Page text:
3. Sing Zemirot together. “We don’t usually take the time,” said one student. “We’re all usually off someplace else,” said another. “We sang slow songs for seudat shlishit,which we don’t normally have.”  But that week lots of people sang their hearts out at dinner and at lunch and in the late afternoon in ways that they normally do not. Time stood still in a way that it is supposed to do every Shabbat. We can learn to hold onto it again.

4. Have some meaningful conversations at the table. Some students were pleased that there was no company. “It was just us, and that doesn’t happen very often.” “We were all able to enjoy each other’s company without rushing to somewhere because we had nowhere else to be.” Shabbat for some, it seems, has come to suffer the same character as a weekday. Research says that family meals are a protective agent against bad habits and dangerous experimentation. They are also a powerful place to define and deepen family values and family stories. Families talked about ethical dilemmas, about the parshah and, of course, about current events. Ideally, the talk should be as Jewishly rooted as possible, but it need not only be so. The important thing is to talk. It might not come as naturally for some, so what you want to talk about is worth thinking about in advance.

5. Learn Torah together. A number of families had a formal leining/Torah reading in the morning that a parent or child led, just to emulate the shul experience. And some interspersed divrei Torah or questions between each aliyah. Some people picked up books or sefarim that they don’t normally look at it, while others sat and learned the parashah or something else together. Of course, this should be an enjoyable experience not a tension-filled one. If it is the latter, then it would be best to be avoided altogether. Here again, for a parent or a child who is less secure in their learning, it may be worth preparing in advance or at least thinking about what and how much to learn. There are parshah sites galore on the Internet and for younger children, anything that has a fun game or quiz element to it can make it more interesting (but not super-competitive please).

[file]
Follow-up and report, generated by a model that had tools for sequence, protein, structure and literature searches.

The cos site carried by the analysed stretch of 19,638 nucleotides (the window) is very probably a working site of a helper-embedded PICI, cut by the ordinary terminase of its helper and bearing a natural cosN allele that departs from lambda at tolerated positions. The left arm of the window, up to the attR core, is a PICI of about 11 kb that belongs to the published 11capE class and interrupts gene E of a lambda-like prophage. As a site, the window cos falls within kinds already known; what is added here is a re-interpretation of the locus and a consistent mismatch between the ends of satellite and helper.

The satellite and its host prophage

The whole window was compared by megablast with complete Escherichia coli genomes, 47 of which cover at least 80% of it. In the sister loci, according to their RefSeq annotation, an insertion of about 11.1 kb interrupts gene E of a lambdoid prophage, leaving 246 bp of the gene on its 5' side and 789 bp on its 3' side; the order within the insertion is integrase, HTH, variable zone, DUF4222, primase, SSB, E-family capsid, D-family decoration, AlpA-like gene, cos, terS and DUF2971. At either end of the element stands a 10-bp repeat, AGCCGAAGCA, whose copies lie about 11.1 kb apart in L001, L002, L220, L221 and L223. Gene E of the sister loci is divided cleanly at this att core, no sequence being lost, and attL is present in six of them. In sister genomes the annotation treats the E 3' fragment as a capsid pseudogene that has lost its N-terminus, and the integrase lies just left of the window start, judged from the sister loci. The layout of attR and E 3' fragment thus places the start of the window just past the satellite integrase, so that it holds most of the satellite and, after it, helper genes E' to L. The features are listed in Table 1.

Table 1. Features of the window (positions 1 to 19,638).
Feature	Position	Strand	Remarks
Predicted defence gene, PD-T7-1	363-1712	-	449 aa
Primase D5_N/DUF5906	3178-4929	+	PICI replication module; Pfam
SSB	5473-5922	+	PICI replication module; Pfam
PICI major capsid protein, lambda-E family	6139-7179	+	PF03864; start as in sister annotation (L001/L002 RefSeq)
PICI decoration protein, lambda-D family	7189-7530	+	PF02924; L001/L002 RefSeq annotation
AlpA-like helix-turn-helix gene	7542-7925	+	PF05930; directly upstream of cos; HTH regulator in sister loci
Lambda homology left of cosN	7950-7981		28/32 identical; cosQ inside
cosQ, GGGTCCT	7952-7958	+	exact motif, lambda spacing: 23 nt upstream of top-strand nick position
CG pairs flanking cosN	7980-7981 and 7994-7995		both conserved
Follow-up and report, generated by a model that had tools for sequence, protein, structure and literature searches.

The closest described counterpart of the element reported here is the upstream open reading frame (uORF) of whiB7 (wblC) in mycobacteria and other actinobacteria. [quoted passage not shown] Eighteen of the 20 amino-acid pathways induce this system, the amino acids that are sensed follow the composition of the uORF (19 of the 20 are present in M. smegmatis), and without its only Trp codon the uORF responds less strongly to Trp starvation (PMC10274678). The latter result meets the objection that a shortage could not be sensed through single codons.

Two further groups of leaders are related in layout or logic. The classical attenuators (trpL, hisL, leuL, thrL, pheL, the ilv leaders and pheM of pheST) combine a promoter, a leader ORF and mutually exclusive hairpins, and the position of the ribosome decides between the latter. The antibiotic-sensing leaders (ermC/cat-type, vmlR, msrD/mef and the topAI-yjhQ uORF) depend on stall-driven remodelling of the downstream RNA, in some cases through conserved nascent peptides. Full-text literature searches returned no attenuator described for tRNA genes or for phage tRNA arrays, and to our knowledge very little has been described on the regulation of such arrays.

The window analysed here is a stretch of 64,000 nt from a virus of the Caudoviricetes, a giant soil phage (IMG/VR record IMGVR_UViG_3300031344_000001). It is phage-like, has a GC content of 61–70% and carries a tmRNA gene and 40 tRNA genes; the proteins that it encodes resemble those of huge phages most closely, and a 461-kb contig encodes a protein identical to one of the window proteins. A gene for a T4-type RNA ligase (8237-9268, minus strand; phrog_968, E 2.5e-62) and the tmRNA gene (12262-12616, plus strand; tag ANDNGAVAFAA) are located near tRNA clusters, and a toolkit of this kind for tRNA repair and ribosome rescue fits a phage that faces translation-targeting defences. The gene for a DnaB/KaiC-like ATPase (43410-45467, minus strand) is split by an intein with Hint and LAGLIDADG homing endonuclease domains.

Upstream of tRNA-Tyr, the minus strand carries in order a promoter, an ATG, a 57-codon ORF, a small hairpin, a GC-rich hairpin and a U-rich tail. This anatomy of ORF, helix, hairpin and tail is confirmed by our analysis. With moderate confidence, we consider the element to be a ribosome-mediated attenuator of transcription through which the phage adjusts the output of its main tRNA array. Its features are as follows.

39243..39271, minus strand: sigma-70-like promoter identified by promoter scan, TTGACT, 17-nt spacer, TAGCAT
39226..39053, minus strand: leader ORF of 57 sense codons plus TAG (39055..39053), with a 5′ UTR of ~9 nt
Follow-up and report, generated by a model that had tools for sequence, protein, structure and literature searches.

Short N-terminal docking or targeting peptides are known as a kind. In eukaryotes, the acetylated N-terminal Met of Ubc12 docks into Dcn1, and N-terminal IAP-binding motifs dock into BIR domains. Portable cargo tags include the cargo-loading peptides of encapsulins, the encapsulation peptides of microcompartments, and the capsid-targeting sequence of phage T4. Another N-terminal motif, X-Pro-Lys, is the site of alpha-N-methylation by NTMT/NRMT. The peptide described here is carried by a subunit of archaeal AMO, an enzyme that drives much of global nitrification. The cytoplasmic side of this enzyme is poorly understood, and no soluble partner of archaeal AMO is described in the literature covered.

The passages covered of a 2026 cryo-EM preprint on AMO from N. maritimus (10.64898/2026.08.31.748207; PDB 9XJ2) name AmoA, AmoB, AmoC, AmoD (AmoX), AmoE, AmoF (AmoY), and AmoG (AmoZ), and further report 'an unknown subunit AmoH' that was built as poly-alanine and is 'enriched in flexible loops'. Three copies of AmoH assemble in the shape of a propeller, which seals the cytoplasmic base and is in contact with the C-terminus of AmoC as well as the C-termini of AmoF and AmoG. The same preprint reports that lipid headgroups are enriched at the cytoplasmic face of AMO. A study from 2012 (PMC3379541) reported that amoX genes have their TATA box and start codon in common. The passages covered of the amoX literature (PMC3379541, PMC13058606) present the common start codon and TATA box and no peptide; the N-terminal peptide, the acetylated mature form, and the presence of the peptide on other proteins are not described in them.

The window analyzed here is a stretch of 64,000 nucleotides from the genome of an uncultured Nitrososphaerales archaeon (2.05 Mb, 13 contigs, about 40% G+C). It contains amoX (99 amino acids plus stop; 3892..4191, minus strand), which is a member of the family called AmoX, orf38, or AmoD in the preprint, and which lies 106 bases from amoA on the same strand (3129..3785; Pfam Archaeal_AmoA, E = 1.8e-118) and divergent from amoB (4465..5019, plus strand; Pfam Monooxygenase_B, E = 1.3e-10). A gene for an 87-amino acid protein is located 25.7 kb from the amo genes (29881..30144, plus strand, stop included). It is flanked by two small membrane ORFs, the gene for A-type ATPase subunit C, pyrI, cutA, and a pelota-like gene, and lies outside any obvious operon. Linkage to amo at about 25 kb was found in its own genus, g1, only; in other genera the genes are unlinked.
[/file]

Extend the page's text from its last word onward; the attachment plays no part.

6. Go for a walk together, play games together, spend more time together rather than just retreating to one’s room or favorite couch. Social distancing means staying away from people outside your family. But families who took walks together found themselves getting closer, just enjoying one another’s company. Research shows that families who are involved in religiously timed activities this way (even if there is nothing intrinsically “religious” about going for a walk or playing board games), gain something called “spiritual capital,” an unarticulated but palpable environment that children and adults find meaningful and which binds them together in ways that strengthen religious connection.

Consider that we may be in for these kinds of Shabbatot longer than anticipated and so the challenge and the obligation will be on each of us to create Shabbat. As one student wrote to me: “Because there were no built-in obligations or shiurim we could go to, I think we realized that we really had to put in the effort to create a meaningful Shabbat and I find that when you yourselves are the ones creating the spirituality and the unity, it is much more rewarding. We sang out Havdalah and I thought about how this Shabbat is something that I will never forget.”



Dear Aish Family,

Here we are at the end of another surreal week. No one on the planet has ever experienced anything like this. The talk of plague ravaging the world seems medieval. The only thing that everyone can agree upon is that we were all caught off guard and the world is scrambling to unify to fight an unseen enemy as best that it can.

I spoke to my good friend and mentor, South African Chief Rabbi Warren Goldstein about his thoughts regarding the crisis. He is the architect of the Shabbos Project which brought Shabbos to so many Jews around the world. This week is Shabbos HaGadol (Great Shabbos) which is the traditional Shabbos before Passover celebrated around the world. Rabbi Goldstein said, "There must be some way for us to unify the Jewish world; give me a few days."

Forty-eight hours later, Rabbi Goldstein came back to me with a document signed by eleven Chief Rabbis listing three ways for us to come together.